WASHINGTON – Remember Afghanistan? Yes, that sorry nation in Asia, sandwiched between Iran and Pakistan. Presidential candidate Barack Obama, back in 2008, described it as the country where America should have concentrated all its military efforts, instead of starting a new “bad war” in Iraq.

War of necessity? 

Well, now Afghanistan enjoys the dubious distinction of being one of the most corrupt countries in the world, according to Transparency International. Billions of foreign aid money, (most of it from the US), combined with poorly targeted military and security assistance funds, (sometimes untraceable), certainly contributed to this.

After he got elected, Obama called Afghanistan a “war of necessity”, as opposed to a “war of choice” like Iraq. We “had” to fight there, because, according to him, that was a just cause. Al Qaeda had its bases there. That’s where they plotted the 9/11 attacks.

Anyway, fast forward to today and Afghanistan, “just war” or nor, is essentially a disaster area. Sure, the US and its tired NATO allies have cut back their military forces deployed there. But only after having created strong and self-sustaining institutions, we are told.

Leaving the country in good hands?

The idea is that the well-trained Afghan soldiers, (yes there is irony here), will soon be able to take care of Afghanistan’s security entirely on their own. Indeed, after billions and billions of dollars spent in Afghanistan, America can leave the country (although not entirely) with a high degree of confidence that there is a democratically elected government in Kabul that can rely on (US and NATO trained) loyal and efficient armed forces in its continuing fight against the ever resilient Taliban.

One of the most corrupt countries in the world  

Yes, if it only were so. Afghanistan is an unmitigated disaster. No real economy, except for opium production. The Afghan forces fight, sometimes well, sometimes not so well. But the Taliban threat has not receded. And, guess what, there are astronomic levels of corruption that, for sure, involve the NATO trained military and the police, among others.

At least some Afghans are aghast. According to Tolo, an Afghan news site,”A new annual study of Transparency International illustrates Afghanistan, Somalia and North Korea as the most corrupt countries among 176 in the world”.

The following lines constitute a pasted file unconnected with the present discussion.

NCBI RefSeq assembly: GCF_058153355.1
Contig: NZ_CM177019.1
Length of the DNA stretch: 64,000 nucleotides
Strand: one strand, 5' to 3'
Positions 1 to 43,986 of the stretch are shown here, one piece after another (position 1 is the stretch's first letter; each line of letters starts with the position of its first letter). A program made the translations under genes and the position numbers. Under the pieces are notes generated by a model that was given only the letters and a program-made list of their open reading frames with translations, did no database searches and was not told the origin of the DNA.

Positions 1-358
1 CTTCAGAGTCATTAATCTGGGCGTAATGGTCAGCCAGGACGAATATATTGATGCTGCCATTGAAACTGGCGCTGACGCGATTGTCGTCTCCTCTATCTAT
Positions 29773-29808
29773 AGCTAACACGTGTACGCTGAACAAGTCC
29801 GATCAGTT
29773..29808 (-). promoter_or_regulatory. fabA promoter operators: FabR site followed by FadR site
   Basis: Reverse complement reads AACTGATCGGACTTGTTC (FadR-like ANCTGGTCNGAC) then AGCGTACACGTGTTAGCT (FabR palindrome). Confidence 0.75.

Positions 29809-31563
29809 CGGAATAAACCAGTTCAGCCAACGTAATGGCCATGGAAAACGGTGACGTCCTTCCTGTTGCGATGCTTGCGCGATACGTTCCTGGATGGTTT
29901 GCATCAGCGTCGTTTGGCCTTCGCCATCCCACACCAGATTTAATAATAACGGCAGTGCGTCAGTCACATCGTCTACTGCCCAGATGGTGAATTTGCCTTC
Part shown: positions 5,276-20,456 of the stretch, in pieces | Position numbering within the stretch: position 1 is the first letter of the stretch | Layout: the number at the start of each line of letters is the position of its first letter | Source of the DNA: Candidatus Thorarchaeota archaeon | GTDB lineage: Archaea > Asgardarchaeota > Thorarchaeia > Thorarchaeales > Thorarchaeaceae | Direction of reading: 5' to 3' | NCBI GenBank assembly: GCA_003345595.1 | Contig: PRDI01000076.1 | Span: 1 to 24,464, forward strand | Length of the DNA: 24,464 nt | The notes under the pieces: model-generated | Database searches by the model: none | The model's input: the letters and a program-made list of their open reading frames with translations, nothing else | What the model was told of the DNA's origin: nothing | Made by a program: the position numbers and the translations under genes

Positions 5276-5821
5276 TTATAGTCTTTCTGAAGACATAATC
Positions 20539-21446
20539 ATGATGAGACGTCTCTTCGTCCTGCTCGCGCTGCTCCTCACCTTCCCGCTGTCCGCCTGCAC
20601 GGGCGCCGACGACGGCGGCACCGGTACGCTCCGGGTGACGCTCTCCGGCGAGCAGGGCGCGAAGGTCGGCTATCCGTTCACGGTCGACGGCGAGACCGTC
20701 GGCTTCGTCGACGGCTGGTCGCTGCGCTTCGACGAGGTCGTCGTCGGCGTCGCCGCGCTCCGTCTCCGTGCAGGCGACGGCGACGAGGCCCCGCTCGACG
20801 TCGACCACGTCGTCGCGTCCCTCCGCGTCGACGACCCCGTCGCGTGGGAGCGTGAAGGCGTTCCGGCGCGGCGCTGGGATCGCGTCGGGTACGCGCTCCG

“Afghanistan is the second most corrupt country in the list of 176 countries ranked in the report” Tolo continues. “Meanwhile, Executive Director for Integrity Watch Afghanistan (IWA) Mohammad Ikram Afzali is concerned over the Afghan government’s anti-corruption campaign and recommended a number of changes to this drive”. 

“The fight against corruption should be the top priority of the National Unity Government [NUG]. There should be a political will for this purpose,” he said.

“The NUG has not implemented its promises it has made for overcoming the endemic corruption in the country,” said Nasir Temori, a researcher at the IWA.

The Chief Executive of the NUG, Abdullah Abdullah, in a session with UN and other humanitarian organizations said they are committed to fighting endemic corruption.

“There is no doubt in the NUG’s mind it is serious about the fight against corruption in public offices,” he said.

The NUG leaders in the first day in their office vowed to overcome corruption in government offices and bring transparency in government contracts and other processes that pave the way for this problem. [Bold added]

“Not only government but the people, the civil society and the private sector are responsible to join hands and fight corruption in the country,” said the president’s deputy spokesman Sayed Zafar Hashemi.”

It did not happen 

Well, whatever the National Unity Government pledged about fighting corruption, it simply did not happen. Trying to help, the US and other countries poured literally billions and billions of dollars into Afghanistan in an effort to modernize its institutions and its economy, and there are only negligible results. And this is in part because a massive amount of foreign aid money was stolen through corruption, embezzlement, and other illegal means.

Bad aid policies 

To make things worse, corruption aside, US official aid was often spent on stupid or insane projects. Recently the news came up of a compressed natural gas (CNG) refueling station, funded by the Pentagon, that ended up costing in excess of $ 40 million. Yes that $ 40 million for a refueling station, when comparable projects in neighboring Pakistan would cost no more than $ 500,000.